On May 27th 2009 The National Institute for Health and Clinical Excellence (NICE)revised its guidelines for the treatment of patients with persistent non specific low back pain (of over six weeks duration). One of its recommendations is that these patients should be prescribed a course of manual therapy such as osteopathy.



How do I know if an Osteopath is properly qualified?


In 1993, osteopaths became the first complementary health care professionals to achieve statutory recognition under the 1993 Osteopaths’ Act. The title ‘osteopath’ is now protected by law. In the UK it is a criminal offence to describe oneself as an osteopath unless registered with the General Osteopathic Council (GOsC). All the osteopaths at the Osteopathic Health Centre are registered with the GOsC.


Telephone:  020 7357 6655



What does treatment involve?


Osteopaths use their hands to treat patients employing a wide variety of techniques


Osteopathy takes a holistic approach so treatment is tailored to suit the needs of each patient according to their age, symptoms and past medical history.  Within each treatment session the techniques used are modified and adapted to achieve the desired results. Below we have described in more detail the techniques which osteopaths.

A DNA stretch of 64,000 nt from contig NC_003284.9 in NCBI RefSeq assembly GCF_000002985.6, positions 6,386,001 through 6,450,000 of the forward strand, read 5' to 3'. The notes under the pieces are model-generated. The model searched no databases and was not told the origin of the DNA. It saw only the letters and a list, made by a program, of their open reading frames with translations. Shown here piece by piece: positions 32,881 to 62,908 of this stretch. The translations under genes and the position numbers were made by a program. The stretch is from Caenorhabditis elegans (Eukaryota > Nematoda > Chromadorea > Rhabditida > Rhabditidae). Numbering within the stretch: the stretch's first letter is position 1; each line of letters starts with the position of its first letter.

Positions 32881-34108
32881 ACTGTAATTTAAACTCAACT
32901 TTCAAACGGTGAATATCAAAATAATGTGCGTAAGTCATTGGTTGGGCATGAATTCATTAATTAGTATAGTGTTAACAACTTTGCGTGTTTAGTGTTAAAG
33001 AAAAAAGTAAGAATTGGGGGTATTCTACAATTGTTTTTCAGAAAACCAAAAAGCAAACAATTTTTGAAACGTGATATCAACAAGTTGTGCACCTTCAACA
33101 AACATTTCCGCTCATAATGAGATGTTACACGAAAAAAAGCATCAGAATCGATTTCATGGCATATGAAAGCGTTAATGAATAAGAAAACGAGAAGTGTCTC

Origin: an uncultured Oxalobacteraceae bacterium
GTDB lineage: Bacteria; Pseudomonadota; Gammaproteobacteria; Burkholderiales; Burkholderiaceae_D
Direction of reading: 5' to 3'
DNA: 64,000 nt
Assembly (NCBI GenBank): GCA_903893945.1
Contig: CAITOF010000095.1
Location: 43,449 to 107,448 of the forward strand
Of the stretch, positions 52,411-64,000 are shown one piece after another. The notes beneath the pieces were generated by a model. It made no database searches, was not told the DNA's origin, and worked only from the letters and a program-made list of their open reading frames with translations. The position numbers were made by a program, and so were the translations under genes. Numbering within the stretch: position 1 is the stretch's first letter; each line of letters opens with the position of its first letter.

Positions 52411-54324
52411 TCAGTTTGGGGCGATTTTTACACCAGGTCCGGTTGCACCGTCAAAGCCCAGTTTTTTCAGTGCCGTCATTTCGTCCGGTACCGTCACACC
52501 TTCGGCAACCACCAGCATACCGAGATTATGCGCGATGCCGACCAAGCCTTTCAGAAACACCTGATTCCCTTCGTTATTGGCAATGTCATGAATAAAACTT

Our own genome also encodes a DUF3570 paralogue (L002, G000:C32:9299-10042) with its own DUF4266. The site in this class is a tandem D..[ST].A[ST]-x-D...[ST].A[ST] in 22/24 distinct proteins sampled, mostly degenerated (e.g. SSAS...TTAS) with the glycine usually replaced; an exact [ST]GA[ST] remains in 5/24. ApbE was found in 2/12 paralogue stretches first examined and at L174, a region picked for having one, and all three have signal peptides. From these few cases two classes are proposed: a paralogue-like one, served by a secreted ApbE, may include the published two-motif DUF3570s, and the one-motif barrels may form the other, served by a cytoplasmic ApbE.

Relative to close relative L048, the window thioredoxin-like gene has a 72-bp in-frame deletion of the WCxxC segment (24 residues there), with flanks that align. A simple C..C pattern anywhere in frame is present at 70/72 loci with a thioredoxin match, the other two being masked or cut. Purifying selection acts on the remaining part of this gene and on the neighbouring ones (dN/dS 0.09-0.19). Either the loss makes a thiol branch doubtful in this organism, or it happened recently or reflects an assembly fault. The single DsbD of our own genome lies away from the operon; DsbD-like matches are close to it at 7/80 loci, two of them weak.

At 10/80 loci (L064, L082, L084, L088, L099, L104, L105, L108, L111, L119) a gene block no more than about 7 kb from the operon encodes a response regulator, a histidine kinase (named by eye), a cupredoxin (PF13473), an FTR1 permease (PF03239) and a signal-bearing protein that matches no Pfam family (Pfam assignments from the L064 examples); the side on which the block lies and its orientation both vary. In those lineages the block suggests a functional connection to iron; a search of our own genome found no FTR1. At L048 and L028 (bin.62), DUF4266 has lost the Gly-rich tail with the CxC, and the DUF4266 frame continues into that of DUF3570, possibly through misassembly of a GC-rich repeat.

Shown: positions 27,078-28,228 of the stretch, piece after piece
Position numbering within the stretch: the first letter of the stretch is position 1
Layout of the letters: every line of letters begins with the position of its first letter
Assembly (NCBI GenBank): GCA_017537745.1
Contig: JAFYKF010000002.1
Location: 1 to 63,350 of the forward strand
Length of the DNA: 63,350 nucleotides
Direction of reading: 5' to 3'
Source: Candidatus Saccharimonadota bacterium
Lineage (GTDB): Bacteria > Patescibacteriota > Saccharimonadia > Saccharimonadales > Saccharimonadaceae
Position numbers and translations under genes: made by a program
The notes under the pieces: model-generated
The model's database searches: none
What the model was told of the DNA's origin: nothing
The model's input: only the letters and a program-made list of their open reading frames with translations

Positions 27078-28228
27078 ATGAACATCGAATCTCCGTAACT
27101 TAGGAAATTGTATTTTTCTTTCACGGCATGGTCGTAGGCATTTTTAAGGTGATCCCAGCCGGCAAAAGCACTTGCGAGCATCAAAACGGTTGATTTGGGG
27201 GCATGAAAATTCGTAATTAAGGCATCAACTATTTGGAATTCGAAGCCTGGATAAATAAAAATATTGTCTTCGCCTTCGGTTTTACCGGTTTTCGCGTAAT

Soft Tissue Massage

This includes a variety of different massage techniques to the muscles and connective tissues of the body. Soft tissue massage can be superficial or deep, fast or slow depending on which tissues are being targeted and the changes that are being encouraged.



Articulation Techniques

Articulation of a joint involves moving a joint through a range of movement.  When you move a joint such as your knee when walking, the muscle around the joint contracts to enable the joint to move.  When an osteopath takes a joint through a range of movements the muscles can remain relaxed (passive) as the osteopath takes the strain and initiates the movement. This technique of passive articulation can be used to stretch tight muscles around a joint, ease out scar tissue or stretch the capsule of the joint.  Passive articular techniques improve blood supply, help reduce swelling and increase drainage.



High Velocity Thrust

This is the technique where patients hear a clicking sound.  It is a useful technique that can be used in certain cases of joint restriction and it is referred to as “manipulation of a joint”.  When this technique is used on the small facet joints in the spine it creates a reflex effect that relaxes the deep small muscles around the joint. The clicking noise is a result of a suction type pop as the joint surfaces are momentarily separated .The noise is not an indication of a bone or disc being put back into place. This can be a quick, efficient and dramatic technique but is not suitable in all cases and only forms a small part of an overall treatment session.



Functional Techniques

Functional techniques are ideal for using on inflamed joints or when muscles are hypertonic (too tight or in spasm).  The osteopath guides the joint through a series of small movements until a point of balance is reached and the muscles are able to let go



Cranial Osteopathic Technique

This technique is a subtle type of osteopathic treatment that uses very gentle pressure from the osteopath’s hand or fingers to encourage the release of stresses throughout the body, including the head.  Patients may feel sensations of pressure or warmth, either under the osteopath’s hands or elsewhere.  Most patients find cranial osteopathy deeply relaxing.